Maybe I just had a sheltered upbringing.
  9. fastsix
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    fastsix Well-Known Member

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    And there's always the possibility that there are, or have been, many universes. Maybe this is the trillionth time a universe has formed, or maybe there are a trillion other universes right this instance.

    If you have a trillion universes, each with trillions of planets, spanning trillions of years worth of time, it seems unlikely that at least in one instance things would happen just as they have here on Earth. And it seems even less likely that Earth is the only place where life exists.
  10. rpmGator
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    rpmGator Well-Known Member

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    We are pretty damn lucky if this was just a set of events that created all.

    The water system of the sun pulling salt water from the sea, and raining fresh water on the land, is amazing in itself.

    Getting sun on all parts of the earth can only happen to a sphere if it rotates and tilts to get sun on both the north and south. Yet, it doesn't heat the Antarctic which may be the most amazing of all.

    The cold there gets so cold, that the brine sinks. So much so, that it creates an underwater water fall, many times bigger than Niagara.

    This goes into a 2.5 mile deep channel and moves all the currents of the globe on a thousand year journey. Taking cooler water to hot places and moving that hotter water to cool places. Without any of those systems, we don't make it.

    Lucky indeed.
  11. reformedgator
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    reformedgator Premium Member

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    Our luck continues when you consider all the multitude of other events that have to fall into place in order for life to exist on earth, including the precise distance from the sun. What are the odds that other planets have those same conditions?
  12. reformedgator
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    reformedgator Premium Member

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    How about 1 chance in 10 to the 40,000 power or 40,000 zeros. That would be the proverbial long shot.
  13. tim85
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    tim85 Well-Known Member

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    I'll have to ask the professor himself whether his analogy takes that into consideration or not, but I believe it does. For the amount of things to happen for life to occur, in general, regardless of whether it's Earth or not, I believe that was what his analogy was referring to. Even if you take the absolute billions of galaxies that out there into consideration.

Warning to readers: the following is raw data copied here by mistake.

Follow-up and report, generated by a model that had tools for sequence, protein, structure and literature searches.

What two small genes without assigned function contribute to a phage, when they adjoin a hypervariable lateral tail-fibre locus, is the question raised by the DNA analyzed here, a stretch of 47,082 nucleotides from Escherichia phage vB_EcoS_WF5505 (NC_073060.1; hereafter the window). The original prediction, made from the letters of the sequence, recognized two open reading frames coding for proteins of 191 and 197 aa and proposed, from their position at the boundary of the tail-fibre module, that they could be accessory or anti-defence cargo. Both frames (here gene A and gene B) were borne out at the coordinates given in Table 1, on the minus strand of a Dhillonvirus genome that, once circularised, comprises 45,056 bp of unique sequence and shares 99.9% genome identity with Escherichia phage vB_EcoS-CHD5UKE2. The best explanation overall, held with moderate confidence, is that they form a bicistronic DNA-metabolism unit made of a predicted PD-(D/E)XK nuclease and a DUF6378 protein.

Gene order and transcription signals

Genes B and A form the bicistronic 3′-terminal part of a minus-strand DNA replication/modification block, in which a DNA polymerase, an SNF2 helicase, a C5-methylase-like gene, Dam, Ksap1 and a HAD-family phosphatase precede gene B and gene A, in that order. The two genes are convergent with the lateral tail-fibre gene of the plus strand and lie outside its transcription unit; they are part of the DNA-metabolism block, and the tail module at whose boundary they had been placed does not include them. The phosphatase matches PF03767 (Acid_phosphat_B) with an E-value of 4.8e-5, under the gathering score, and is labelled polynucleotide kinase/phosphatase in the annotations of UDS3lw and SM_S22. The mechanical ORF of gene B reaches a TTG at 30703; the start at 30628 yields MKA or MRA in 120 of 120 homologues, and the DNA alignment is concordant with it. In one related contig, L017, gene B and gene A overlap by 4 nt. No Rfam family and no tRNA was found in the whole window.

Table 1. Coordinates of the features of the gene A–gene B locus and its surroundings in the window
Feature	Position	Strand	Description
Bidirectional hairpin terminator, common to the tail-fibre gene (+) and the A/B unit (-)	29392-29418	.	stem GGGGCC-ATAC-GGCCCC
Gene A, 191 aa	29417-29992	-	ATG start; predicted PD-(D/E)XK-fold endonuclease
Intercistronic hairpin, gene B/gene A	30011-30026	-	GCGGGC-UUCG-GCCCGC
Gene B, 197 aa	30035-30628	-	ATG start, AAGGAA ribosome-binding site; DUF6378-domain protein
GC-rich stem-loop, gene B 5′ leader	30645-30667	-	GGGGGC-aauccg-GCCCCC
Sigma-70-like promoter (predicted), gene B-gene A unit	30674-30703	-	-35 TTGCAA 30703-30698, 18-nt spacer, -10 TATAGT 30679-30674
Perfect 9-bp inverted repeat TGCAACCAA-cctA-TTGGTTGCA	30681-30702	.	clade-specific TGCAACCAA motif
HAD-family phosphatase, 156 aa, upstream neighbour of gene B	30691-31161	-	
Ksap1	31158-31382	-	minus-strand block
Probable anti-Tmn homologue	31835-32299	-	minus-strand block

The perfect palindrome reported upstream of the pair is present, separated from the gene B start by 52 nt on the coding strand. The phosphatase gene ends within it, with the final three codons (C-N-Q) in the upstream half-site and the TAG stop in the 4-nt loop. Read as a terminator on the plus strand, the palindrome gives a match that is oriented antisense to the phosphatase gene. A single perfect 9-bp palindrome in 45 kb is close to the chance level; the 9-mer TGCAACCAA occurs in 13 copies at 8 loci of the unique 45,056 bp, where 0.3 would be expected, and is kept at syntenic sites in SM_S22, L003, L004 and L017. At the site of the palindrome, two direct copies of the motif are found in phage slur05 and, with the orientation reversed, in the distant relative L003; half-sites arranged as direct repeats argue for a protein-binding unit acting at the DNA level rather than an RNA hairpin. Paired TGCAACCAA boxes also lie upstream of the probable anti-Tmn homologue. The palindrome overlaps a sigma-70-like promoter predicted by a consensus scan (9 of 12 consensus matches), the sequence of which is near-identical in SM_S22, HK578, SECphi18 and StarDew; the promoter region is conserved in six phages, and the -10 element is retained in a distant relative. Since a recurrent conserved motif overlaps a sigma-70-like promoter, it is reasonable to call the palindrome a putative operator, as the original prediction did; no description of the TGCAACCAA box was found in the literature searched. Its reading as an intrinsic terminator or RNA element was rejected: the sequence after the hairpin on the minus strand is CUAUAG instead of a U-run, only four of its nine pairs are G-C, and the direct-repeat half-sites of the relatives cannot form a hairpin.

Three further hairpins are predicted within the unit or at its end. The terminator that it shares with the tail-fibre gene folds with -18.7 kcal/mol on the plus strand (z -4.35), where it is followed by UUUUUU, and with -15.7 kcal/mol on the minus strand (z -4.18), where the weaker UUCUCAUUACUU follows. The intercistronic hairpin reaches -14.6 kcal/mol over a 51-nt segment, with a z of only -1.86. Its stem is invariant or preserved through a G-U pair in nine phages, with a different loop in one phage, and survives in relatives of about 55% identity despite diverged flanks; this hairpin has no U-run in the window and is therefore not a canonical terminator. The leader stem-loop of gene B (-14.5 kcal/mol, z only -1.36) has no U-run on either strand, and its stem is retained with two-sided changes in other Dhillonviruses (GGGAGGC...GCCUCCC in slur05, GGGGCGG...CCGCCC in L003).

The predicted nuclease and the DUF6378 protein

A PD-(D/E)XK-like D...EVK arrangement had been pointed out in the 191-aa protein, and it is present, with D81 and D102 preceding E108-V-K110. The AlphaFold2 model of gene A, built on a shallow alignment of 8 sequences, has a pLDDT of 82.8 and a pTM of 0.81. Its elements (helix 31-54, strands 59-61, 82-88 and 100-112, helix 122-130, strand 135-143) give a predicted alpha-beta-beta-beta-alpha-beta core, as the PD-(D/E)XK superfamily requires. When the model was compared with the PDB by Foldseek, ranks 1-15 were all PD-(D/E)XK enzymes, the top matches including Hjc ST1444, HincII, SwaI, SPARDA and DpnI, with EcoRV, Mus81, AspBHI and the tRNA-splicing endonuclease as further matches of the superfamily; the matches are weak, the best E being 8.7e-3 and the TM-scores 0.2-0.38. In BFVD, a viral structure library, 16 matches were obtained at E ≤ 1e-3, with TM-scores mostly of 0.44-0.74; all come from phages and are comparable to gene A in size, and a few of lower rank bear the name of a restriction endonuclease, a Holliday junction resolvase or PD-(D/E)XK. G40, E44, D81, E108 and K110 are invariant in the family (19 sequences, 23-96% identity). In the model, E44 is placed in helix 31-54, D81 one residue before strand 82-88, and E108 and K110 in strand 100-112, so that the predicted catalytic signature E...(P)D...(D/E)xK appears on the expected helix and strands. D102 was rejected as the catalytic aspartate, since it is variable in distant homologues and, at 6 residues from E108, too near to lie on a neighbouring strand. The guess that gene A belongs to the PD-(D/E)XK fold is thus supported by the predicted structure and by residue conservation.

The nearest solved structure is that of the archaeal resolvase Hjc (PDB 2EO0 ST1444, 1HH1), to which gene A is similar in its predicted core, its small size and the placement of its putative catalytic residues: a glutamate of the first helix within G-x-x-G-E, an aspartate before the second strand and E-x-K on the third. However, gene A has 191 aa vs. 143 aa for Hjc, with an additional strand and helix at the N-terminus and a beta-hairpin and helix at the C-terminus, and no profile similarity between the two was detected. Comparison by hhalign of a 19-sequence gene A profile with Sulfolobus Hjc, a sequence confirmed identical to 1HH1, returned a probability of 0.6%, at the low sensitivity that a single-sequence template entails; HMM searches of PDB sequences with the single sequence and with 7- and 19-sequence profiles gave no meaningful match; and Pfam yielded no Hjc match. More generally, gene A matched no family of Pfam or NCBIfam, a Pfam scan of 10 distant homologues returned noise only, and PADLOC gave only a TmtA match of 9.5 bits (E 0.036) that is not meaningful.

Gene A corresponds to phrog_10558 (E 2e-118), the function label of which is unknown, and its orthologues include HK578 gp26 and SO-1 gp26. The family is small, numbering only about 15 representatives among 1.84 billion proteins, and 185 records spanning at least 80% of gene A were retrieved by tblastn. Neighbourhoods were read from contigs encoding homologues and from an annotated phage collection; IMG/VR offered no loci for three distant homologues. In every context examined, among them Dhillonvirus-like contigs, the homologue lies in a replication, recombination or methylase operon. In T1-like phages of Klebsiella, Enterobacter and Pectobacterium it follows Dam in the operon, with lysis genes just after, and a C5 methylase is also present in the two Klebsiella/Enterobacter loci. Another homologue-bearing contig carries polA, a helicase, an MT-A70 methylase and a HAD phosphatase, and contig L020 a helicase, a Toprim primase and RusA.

14. baygator1
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    baygator1 Premium Member

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    It would be really refreshing if a lot more folks could use this same logic with climate change. I mean, for most based on the way they present their case, history consists of the last 100 years or so. Said differently, nothing like this has ever happened before.
    • Like Like x 1
  15. AzCatFan
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    AzCatFan Well-Known Member

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    Not really. Consider there volume of the Earth's oceans covers over 1.3 million kilometers. Convert to millimeters and you already have 12 zeros. True, this includes waters assumed to be too cold to start life, but even at 10 zeros, that's a lot of potential locations where life could have started. Then, go back to time. Remember, 1,000,000 years have 17 zeros. So, multiply space by time, and you get a number with 26 zeros.

    Still not close, but our best guess is life started somewhere around 4.3 and 4.5 billion years ago. That's a plus/minus factor of 200 million years! So, multiply our number with 17 zeros by 200 million, and viola, and that's another 8 zeros, and you have a number that 34 zeros.

    Now again, odds are funny things. Just because something is a 1 in 1,000,000 chance, it doesn't mean that if it hasn't happened in 999,999 tries, it is guaranteed to happen the next time. The odds only mean that in 1,000,000 tries, we'd expect to see something happen once. Kind of like when people say 500-year floods. Just because it happened last year, it doesn't mean you are safe for another 499 years. It just means floods like this happen only .2% of the time, and just because it happened last year, doesn't mean the odds change.